The melting qualities of Gruyere are well known and deserved. It is made from unskimmed and unpasteurized cow's milk, with a fat content of 45%. Aged from eight to ten months in 75 pound wheels, the dense texture and cream content make it one of the perfect melting cheeses, with its fruity aroma and nutty characteristics opening up as it melts. Shaving the cheese on a wooden Swiss mandolin is certainly fun, but you can use whatever you have. The dish is reminiscent of the classic Swiss croute au fromage, which is a sort of open faced croque monsieur. I have added a few elements to the traditional bread, ham and cheese. At the base of the dish are caramelized onions braised in beer. On top of that is a piece of grilled bread covered with melted Gruyere slices. Then we saute some chanterelle mushrooms and toss them with fresh sliced ham, pickled pears and pickled mustard seeds. As with the original croute au fromage, this is a hearty cold weather dish.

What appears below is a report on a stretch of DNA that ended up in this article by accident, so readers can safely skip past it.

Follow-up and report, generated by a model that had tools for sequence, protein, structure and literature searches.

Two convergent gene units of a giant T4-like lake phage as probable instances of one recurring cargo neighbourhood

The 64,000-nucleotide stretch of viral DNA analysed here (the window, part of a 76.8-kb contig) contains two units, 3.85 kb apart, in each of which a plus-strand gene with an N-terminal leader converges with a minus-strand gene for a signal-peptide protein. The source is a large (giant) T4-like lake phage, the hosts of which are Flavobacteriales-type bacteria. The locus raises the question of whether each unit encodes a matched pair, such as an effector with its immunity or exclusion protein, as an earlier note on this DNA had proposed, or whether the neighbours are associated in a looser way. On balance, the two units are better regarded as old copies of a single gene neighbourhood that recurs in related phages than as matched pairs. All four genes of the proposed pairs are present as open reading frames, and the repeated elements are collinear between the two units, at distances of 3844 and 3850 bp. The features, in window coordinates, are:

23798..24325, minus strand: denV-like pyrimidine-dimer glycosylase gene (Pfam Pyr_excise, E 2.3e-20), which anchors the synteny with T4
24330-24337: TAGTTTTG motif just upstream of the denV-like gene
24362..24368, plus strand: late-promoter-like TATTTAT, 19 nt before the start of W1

Sunday, November 13, 2011

Mount Hood Matsutake

Although we have tremendous bounty of wild mushrooms in the Pacific Northwest, the matsutake is not well known outside the gourmand community. We have a good harvest of tricholoma magnivelare, the white matsutake, around Ponderosa and Lodgepole Pines along the coastline and approaching the higher altitudes of Mount Hood and Mount Adams. I have also found them among Douglas Fir, Rhododendron and Salal. It is a beautiful mushroom to see in the wild, peeking up among the rocks of shallow mountain streams, in mossy groves, and beneath the mosaic of autumn leaves.